There's lots we don't know about this electrified DB6 Volante that Aston Martin has built itself. The company hasn't given us a power output, any performance numbers, an estimate of range or any technical description of the car's new modular drivetrain. But we do know one thing – the company is serious about it.
"We've got a mass of people who want to do it, but it's not quite enough to make me push the big, green button to go to the next stage of the programme," Paul Spires, president of the Aston Martin Works heritage division, tells CarAdvice at the company’s new Silverstone testing facility, where we go to sample what we should probably call the EV6.
"I'm desperate to do it,” he adds, “and my feeling is that the pace behind EVs is such that I'd be surprised if we don't have a proper programme going by this time next year."
The very idea of taking the twin-cam straight-six out of one of the 3000-odd cars that were built with it – the DB4, DB5, DB6 and DBS – and replacing it with a near-silent electric drivetrain likely sounds like sacrilege.
The idea of also charging around £200,000 ($366,500 at current rates, before taxes) for the conversion seems even madder, but Spires insists that there is already a growing demand from buyers keen to either future-proof their classics, or to flaunt their green credentials.
Don't worry, it's not a cut-and-shut; this 1970 DB6 Volante hasn’t been harmed through major surgery. The car I got to drive around the Stowe circuit, which Aston has recently taken exclusive use of, is a concept rather than a prototype.
It's designed to prove the idea rather than the core engineering, which will change substantially. But it has been built around Spires's insistence that it needs to be fully reversible.
The plan is for a modular electric powertrain featuring a battery pack, electric motor and control systems, which will fit into the space occupied by the straight-six engine, will weigh almost exactly the same, and have a similar power output. Everything else on the car stays unchanged.
"I said to the development team, don't make a single extra hole in the bodywork," Spires said, "and they haven't." Jaguar showed off a similar idea last year with the E-Type Zero concept, but Spires says that Aston has been working on its project for longer.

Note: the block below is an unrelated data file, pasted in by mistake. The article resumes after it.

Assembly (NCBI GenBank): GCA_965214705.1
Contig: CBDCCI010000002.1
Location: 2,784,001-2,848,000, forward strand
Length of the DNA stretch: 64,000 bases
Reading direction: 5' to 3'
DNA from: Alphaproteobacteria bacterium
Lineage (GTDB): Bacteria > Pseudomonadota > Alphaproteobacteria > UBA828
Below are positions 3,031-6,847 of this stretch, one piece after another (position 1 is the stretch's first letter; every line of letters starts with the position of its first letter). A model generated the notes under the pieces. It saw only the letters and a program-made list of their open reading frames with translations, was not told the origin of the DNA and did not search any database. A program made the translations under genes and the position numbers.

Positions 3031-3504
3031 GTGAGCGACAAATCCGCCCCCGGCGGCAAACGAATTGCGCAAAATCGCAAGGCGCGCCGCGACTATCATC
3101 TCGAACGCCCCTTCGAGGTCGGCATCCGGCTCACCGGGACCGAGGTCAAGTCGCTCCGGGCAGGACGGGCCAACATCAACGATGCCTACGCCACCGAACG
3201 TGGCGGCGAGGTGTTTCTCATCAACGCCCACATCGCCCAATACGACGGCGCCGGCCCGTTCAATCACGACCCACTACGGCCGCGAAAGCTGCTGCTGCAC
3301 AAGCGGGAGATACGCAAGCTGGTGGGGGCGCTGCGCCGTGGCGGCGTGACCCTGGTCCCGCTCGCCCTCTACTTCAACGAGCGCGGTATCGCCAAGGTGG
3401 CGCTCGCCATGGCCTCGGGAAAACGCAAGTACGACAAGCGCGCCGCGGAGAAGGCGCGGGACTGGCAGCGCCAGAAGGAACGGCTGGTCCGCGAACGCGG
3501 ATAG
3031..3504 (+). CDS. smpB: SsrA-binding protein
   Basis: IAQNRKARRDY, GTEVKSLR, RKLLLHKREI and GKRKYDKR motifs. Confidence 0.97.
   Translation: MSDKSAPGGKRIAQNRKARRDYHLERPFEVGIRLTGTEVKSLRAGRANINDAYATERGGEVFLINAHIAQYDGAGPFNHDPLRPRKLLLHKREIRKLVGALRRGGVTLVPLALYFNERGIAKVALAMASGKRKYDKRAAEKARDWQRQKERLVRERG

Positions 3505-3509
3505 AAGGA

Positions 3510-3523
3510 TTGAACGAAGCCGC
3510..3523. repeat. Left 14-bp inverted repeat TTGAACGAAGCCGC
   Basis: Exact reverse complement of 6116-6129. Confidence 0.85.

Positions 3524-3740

Anyone buying a conversion will be given their car's old straight-six engine, which can either be stored or put into a display case. "Imagine the conversation in a century," Spires says. "Granddad – what's that? That's the engine from my grandfather's Aston Martin, that's how we used to power them."
The basic idea will remain the same if production versions go ahead, but the details will mostly change. Spires won't give specs for the demonstrator's powertrain or even say who has helped to develop it.
But he does admit that the concept uses passive cooling, which isn't up to dealing with the big thermal loads of hard use or fast charging, meaning I'm going to be limited to 80km/h on the circuit. A full version would be actively cooled and therefore more thrashable.
There's another significant difference revealed when I glance into what looks like a completely unchanged DB6 cabin to see the selector for a manual gearbox. The concept car has kept the donor's five-speeder, but Spires admits that any finished version will use a single-speed direct drive.
Other visual changes over the petrol-powered DB6 are minimal. The EV still has a full set of Smiths instruments in the dashboard (although only the speedo works), and there's even still a truncated exhaust pipe at the back.
Spires admits they considered removing it, but decided the car would look obviously odd without it.
Driving couldn't be easier. Setting off means selecting second gear, but then not touching the clutch. The motor's instant torque allows the Aston to be treated like a single-speed EV.
Once moving, I experiment with changing gears, but soon learn that there is no point – the motor stops turning as soon as the clutch is dipped, meaning there's no reward in a well-timed shift. Even changing up from second to third produces the bumping sensation of a poorly managed downshift.
Initial urge isn't as strong as I was expecting. It takes a solid push on the throttle to get the car launched, and the rate of acceleration only seems to build once the Aston is moving at a decent clip.
The concept doesn't have any traction control, but it doesn't seem to need it at the reasonably respectful pace I lap the short, tight Stowe circuit.
There's no noise from the powertrain beyond a very faint electric whine under hard acceleration, but despite the lack of straight-six symphony, there's none of the squeaking or rattling I was expecting from the DB6's elderly structure.
Other settings are as the original DB6: soft springs, laid-back dampers and low-geared steering. You can hustle an open-topped Aston if you want to, but it prefers if you take things more slowly.
As such, it makes a fine basis for electrification. But I'd be lying if I said I wouldn’t rather be listening to the snorting, raspy soundtrack of the car's original engine.
Spires acknowledges that the electric transplant won't be for most. He reckons that a realistic long-term target is to convert about 10 per cent of the cars fitted with the six-cylinder, so 300 in total – a figure that would be more than adequate to justify the costs of developing a full version.
"We need to make sure that we've got the next 100 years covered," he says, "to make sure that cars like this don't become museum pieces."
- Engine: Electric motor
- Price: £200,000 (est, pre-tax, plus cost of donor vehicle)
- Power: c. 210kW
- Torque: TBC
- Gearbox: Five-speed manual, rear-wheel drive
- Kerb weight: c. 1600kg
- 0–60mph: 8.5sec (est)
- Top speed: TBC
- Economy: TBC
- CO2: TBC
MORE: Everything Aston Martin